iPlayer and Kangaroo
I believe that it is much better for the BBC, ITV and C4 to have a say in a distribution service rather than leave it just to the likes of Joost or Babelgum to own the relationship with our audiences after the public service window. Better for our audiences too, as more money will return to the BBC from ad revenues to be invested into new programming.
I believe Kangaroo (only a working title), is complementary, and quite different, from BBC iPlayer.
BBC iPlayer offers a totally free seven-day catch up service (which very soon will offer streaming as well as downloading) to UK licence fee payers, with no advertising. It will soon also incorporate the highly successful BBC Radio Player (Kangaroo is video only).
BBC iPlayer is all about universality, so there will be versions for Mac & Linux (whatever you've heard to the contrary). We can and will cross-promote to the seven day catchup service on BBC iPlayer from our TV channels and radio stations. iPlayer will, in turn, provide an important route into Kangaroo content.
And one of the biggest differences is that iPlayer offers a rolling seven day window of some 400 hours (and rising) of the latest BBC programming, whereas Kangaroo will offer some 10,000 (and rising) hours in a permanent database of programmes.
Perhaps the most important distinction, though, is that BBC iPlayer is a part of bbc.co.uk, the UK's third most popular website; and iPlayer isn't just a stand-alone application - it will provide a single, consistent user experience for the majority of streamed programmes (video and audio) on bbc.co.uk. It will also be embedded into our partners' offers, such as Virgin Media cable TV service, telegraph.co.uk, and many others.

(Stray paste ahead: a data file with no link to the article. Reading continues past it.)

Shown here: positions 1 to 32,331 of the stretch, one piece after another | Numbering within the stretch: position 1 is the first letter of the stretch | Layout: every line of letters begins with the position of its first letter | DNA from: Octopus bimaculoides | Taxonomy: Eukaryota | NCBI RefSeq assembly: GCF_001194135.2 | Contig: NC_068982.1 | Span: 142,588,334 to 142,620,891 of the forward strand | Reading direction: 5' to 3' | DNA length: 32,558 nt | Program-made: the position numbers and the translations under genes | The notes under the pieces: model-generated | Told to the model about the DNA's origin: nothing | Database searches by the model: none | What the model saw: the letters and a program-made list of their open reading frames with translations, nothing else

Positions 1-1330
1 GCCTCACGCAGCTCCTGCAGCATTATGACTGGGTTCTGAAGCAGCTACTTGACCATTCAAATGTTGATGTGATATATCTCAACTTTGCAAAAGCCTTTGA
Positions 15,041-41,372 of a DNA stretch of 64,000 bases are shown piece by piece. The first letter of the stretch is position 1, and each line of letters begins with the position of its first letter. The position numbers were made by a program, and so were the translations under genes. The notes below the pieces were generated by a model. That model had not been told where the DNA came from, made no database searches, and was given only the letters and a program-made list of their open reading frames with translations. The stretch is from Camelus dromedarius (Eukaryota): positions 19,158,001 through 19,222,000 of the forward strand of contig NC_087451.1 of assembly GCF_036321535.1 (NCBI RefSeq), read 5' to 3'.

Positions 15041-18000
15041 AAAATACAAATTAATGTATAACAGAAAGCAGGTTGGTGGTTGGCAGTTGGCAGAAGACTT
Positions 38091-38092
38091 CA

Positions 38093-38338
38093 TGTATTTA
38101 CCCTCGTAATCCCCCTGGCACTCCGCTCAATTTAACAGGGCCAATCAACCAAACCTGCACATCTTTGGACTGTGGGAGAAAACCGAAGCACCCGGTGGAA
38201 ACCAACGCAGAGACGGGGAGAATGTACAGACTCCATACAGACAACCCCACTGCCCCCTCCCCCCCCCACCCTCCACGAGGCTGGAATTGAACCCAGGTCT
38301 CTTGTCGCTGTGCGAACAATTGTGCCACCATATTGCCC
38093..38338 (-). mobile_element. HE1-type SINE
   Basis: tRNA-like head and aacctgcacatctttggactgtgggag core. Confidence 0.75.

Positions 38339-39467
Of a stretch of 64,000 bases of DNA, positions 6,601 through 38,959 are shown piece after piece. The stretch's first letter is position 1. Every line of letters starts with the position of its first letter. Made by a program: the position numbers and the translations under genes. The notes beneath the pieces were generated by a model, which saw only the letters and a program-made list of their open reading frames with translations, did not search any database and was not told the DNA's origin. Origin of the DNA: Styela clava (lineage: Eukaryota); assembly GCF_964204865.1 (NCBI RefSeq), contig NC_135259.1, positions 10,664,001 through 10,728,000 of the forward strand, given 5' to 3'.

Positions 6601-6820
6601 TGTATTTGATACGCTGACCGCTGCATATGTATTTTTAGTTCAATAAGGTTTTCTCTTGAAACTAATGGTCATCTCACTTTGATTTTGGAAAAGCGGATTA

It's critical that we engage with all UK licence fee payers, wherever they are and however they consume our services. And it's critical that those services are not detrimentally disintermediated by other platforms and gateways - audiences must be aware that they are watching or listening to programmes and services from the BBC: in other words, that we have a deepening, direct relationship with them which is increasingly two-way.
That way we can guarantee the quality of the experience, learn more about what our audiences like (and don't like), in order to keep the BBC relevant in their increasingly digital lives.
To use an analogue metaphor: If BBC iPlayer is like BBC TV, Kangaroo is more like UKTV. There is space for both: indeed, they're complementary.
Ashley Highfield is Director, BBC Future Media and Technology.